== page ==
Over the next 35 years, migration will drive employment growth and will continue to play a critical role in Australia’s economic future and well-being, according to independent modelling by the Migration Council of Australia.
By 2050, migration will be contributing $1.6 trillion to Australia’s GDP where findings demonstrate that the economic impact of migration flows through into every aspect of Australia’s economy with a profound and positive impact on labour participation and employment, net productivity, national skills base, wages and incomes.
Each individual migrant by 2050, will on an average be contributing approximately 10 per cent more to Australia’s economy than existing residents and further provides savings across the population in expenditures on education, transfer payments and government network infrastructure.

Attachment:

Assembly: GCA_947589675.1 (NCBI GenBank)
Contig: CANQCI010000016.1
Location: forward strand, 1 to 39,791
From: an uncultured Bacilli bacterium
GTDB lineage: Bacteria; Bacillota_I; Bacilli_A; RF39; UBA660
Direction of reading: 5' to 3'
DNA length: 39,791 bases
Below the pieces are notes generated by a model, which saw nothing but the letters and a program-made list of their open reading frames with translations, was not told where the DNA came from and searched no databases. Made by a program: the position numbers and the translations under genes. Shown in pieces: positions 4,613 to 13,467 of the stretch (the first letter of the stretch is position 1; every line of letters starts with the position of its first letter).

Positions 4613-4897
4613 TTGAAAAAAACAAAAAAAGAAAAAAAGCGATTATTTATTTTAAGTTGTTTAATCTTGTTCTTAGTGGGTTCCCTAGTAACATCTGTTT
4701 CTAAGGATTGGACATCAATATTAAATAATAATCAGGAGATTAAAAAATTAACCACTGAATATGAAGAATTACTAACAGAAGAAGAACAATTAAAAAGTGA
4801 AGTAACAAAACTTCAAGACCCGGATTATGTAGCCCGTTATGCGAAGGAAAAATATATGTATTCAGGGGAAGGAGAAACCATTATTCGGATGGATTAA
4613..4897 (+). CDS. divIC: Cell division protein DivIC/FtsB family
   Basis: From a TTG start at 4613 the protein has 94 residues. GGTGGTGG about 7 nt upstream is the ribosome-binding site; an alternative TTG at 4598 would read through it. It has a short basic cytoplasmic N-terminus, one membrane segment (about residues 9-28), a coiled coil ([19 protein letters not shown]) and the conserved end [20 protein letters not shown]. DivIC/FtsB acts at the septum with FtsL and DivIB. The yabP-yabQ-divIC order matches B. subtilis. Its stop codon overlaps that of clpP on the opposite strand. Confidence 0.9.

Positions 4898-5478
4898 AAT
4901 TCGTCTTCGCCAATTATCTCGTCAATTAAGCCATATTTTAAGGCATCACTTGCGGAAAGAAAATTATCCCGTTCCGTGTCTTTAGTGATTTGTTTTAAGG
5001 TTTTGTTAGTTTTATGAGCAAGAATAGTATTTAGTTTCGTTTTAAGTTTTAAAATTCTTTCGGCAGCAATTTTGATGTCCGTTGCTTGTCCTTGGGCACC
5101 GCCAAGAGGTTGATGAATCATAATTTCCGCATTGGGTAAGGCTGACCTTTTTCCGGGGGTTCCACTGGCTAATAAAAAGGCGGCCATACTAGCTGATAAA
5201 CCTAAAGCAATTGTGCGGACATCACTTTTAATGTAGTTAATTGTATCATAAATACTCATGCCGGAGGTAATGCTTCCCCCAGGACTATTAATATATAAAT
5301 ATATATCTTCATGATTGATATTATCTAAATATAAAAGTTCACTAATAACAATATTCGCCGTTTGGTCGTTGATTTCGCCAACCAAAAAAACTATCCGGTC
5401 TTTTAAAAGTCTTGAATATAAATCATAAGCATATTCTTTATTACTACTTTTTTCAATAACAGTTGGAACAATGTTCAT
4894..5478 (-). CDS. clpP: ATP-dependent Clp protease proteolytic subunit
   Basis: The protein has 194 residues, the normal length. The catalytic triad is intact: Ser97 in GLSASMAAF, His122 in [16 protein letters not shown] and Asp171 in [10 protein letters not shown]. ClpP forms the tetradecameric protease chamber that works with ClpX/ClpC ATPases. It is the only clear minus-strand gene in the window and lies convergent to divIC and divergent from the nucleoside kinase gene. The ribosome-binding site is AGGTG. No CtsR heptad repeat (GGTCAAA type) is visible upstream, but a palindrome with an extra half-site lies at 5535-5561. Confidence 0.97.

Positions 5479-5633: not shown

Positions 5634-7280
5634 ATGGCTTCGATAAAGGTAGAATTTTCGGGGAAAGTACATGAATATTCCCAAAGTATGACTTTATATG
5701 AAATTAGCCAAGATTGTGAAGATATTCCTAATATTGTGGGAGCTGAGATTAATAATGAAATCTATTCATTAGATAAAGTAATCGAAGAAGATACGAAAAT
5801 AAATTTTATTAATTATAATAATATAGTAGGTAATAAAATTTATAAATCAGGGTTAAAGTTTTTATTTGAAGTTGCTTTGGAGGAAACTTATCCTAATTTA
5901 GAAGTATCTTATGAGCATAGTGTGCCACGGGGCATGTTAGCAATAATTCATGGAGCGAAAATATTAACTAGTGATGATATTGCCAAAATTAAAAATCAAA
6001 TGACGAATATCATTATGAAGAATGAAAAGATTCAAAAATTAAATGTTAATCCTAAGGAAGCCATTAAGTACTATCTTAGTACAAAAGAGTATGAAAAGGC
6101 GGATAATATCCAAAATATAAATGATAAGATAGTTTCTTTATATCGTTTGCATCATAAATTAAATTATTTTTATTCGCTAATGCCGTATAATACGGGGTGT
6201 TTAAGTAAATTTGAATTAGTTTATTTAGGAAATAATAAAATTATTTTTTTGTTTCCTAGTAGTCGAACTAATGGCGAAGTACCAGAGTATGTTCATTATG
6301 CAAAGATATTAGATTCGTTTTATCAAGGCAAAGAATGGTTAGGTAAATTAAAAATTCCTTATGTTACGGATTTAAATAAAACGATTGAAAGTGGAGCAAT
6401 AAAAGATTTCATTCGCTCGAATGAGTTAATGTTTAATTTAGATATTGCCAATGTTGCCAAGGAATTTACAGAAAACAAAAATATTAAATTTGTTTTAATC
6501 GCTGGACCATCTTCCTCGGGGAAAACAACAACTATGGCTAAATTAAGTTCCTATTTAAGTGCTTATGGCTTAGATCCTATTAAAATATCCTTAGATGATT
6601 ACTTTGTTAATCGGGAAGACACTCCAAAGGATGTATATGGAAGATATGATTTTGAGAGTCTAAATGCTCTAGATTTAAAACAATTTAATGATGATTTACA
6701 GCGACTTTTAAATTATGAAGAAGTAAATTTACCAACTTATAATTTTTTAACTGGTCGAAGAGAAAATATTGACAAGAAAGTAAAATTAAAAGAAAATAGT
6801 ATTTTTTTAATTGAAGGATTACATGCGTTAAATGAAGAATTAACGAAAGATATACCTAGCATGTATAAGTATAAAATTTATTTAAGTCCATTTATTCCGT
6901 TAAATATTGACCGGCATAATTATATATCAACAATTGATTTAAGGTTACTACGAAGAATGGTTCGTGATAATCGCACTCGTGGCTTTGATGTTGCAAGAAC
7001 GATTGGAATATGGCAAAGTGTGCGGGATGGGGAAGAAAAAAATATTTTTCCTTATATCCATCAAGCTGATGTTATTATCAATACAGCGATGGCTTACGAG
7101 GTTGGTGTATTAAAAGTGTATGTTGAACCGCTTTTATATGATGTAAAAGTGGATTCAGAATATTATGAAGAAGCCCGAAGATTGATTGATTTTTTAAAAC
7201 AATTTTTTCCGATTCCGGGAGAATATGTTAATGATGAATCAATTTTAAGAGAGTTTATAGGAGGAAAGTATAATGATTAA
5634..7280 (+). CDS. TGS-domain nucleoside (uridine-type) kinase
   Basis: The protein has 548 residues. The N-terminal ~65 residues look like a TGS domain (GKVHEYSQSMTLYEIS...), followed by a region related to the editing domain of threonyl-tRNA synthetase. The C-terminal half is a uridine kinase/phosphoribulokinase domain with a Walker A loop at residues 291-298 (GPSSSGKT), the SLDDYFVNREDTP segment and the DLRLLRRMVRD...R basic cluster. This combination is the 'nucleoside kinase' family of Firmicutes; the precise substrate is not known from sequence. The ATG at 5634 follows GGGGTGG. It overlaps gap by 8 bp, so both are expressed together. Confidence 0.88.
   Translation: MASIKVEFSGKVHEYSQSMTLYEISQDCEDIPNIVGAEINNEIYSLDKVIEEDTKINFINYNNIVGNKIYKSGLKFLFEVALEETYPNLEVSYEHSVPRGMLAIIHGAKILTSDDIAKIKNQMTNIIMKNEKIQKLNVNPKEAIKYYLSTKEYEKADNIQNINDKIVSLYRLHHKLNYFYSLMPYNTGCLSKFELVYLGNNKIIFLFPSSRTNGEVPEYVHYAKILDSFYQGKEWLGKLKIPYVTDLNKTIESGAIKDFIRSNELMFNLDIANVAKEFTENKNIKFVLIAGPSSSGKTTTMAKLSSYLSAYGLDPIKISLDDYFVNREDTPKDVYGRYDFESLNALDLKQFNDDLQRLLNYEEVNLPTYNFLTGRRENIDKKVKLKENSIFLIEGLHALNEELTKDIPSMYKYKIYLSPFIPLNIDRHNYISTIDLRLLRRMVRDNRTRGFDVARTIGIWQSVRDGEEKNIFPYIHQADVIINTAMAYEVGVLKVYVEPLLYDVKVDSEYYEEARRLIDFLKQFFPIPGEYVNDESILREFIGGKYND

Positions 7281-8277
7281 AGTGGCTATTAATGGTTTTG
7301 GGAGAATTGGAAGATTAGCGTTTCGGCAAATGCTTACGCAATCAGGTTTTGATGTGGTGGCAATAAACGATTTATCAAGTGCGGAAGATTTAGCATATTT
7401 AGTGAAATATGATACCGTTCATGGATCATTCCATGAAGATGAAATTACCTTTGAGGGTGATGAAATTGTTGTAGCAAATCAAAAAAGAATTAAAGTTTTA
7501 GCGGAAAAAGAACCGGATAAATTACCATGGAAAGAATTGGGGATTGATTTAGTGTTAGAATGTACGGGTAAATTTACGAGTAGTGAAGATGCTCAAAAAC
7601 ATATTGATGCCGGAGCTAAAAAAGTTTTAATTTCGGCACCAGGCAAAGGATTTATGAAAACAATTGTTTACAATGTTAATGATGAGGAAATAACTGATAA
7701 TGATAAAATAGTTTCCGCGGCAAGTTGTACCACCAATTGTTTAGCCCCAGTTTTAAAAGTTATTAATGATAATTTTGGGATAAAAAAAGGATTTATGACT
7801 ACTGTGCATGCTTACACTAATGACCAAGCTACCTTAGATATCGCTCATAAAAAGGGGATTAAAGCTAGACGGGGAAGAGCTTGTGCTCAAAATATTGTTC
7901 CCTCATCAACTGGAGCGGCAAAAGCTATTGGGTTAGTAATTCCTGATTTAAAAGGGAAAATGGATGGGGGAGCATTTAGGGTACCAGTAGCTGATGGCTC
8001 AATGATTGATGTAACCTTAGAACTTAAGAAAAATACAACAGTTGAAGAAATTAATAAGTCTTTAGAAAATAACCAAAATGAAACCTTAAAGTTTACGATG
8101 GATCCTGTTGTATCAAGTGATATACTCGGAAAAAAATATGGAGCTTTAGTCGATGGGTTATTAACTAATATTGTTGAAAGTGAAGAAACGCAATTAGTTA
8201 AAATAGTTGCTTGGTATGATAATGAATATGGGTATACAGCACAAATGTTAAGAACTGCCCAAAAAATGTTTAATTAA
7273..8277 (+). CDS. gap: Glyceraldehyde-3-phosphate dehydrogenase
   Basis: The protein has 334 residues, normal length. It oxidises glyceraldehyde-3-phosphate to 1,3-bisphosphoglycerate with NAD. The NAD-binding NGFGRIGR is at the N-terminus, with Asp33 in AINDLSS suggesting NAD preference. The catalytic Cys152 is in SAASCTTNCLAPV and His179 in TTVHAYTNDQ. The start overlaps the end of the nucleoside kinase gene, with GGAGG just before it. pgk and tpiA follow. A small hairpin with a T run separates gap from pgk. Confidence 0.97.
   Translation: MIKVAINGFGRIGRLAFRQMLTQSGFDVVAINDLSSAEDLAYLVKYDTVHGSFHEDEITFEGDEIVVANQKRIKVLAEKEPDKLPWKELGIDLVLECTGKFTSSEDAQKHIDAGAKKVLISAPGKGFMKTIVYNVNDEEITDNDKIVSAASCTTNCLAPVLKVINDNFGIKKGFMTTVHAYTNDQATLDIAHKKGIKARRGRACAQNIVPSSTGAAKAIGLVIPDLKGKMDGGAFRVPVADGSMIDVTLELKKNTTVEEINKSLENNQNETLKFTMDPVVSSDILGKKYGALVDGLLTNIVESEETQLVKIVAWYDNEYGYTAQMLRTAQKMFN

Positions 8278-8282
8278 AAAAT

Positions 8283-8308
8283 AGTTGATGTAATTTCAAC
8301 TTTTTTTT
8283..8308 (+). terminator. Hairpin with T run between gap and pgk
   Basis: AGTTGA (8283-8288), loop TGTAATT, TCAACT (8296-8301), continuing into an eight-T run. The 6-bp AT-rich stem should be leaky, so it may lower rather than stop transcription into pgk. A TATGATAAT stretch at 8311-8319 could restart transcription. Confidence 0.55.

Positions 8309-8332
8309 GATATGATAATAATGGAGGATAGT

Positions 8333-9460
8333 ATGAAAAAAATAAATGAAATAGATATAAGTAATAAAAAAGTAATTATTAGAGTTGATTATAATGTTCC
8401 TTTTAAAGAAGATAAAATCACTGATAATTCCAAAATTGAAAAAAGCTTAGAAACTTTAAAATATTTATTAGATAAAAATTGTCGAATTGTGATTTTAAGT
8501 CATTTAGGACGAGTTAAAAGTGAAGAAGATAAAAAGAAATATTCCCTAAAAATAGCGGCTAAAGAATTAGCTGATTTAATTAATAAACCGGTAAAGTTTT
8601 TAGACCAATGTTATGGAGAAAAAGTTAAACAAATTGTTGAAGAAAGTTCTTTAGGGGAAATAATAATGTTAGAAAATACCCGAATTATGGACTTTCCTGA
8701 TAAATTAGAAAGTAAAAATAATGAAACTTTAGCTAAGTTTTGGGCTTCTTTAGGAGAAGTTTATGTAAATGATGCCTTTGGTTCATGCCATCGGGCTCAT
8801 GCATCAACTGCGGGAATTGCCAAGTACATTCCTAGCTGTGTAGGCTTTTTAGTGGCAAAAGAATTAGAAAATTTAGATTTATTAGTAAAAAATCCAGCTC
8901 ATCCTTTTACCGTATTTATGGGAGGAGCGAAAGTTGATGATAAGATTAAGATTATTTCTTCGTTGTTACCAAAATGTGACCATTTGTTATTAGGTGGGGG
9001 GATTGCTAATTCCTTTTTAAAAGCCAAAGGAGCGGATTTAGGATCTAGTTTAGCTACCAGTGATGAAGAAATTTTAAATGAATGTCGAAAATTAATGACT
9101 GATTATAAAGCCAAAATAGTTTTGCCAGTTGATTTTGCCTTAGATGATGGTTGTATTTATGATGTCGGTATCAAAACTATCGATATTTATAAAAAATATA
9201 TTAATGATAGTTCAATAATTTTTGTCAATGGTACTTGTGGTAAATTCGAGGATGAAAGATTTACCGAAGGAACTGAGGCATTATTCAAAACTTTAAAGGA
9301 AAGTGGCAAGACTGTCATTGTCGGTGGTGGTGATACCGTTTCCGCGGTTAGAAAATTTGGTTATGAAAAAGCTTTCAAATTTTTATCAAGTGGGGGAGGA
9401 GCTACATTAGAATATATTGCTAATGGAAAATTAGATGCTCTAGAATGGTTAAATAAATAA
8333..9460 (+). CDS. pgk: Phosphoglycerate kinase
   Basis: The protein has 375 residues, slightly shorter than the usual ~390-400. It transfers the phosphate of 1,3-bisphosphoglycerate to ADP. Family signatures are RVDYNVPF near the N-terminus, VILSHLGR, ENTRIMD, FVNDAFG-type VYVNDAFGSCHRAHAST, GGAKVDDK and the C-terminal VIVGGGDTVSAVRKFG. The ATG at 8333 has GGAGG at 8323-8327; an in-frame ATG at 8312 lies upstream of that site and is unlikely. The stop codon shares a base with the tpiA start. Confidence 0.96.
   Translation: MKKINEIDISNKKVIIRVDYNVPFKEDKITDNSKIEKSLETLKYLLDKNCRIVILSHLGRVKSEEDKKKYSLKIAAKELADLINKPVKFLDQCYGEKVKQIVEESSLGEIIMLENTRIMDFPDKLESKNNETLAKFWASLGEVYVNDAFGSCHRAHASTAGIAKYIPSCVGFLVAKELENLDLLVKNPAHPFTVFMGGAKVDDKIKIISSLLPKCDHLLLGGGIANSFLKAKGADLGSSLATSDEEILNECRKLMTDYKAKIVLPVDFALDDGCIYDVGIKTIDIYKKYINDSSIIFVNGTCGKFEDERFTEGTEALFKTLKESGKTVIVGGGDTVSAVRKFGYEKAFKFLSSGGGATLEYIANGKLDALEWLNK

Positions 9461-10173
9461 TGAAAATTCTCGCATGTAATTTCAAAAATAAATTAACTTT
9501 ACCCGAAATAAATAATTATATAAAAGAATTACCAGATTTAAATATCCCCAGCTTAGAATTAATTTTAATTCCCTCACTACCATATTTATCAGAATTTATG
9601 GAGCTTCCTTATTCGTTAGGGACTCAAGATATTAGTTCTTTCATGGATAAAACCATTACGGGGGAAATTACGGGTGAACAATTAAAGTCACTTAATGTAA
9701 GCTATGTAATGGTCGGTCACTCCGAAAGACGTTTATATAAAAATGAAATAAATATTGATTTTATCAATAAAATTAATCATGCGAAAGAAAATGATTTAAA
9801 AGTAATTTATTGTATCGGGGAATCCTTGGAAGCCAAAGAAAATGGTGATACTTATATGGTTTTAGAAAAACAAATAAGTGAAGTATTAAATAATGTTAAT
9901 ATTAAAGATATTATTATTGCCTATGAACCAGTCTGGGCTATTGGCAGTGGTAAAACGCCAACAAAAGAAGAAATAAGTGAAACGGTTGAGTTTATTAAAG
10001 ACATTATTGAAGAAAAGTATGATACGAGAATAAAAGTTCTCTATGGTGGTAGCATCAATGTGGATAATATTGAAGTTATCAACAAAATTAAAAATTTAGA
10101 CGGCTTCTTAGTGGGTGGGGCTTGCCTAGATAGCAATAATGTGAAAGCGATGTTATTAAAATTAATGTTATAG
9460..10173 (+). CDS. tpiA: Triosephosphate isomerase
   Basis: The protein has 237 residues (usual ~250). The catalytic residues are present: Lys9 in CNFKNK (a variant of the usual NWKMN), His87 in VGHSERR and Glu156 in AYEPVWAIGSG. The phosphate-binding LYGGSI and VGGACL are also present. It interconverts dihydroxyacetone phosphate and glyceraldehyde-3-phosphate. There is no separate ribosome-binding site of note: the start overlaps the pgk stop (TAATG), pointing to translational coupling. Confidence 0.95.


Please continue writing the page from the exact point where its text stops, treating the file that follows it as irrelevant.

The research also refutes the commonly held notion that migration reduces the capacity of Australians to find work. In reality, migration plays a role in addressing inequality and generating opportunities for lower income workers. Overall the distributional impact of migration on existing Australian residents is highly positive. An improved employment to population ratio drives higher consumption as migrants draw less on government service provision and contribute a net fiscal benefit via taxes paid.
Migrants who initially enter Australia on a student visa pay the full costs of their education, providing a saving to the government budget compared to the subsidised places offered to Australian-born residents.
On an average, migrants are more highly educated than existing residents and this is particularly the case for migrants who initially enter Australia on a student visa and by 2050, 60.4 per cent of the population would have acquired a university education.
Findings from the report paint a comprehensive picture of the interdependence between Australia’s migration framework and economic fortunes.
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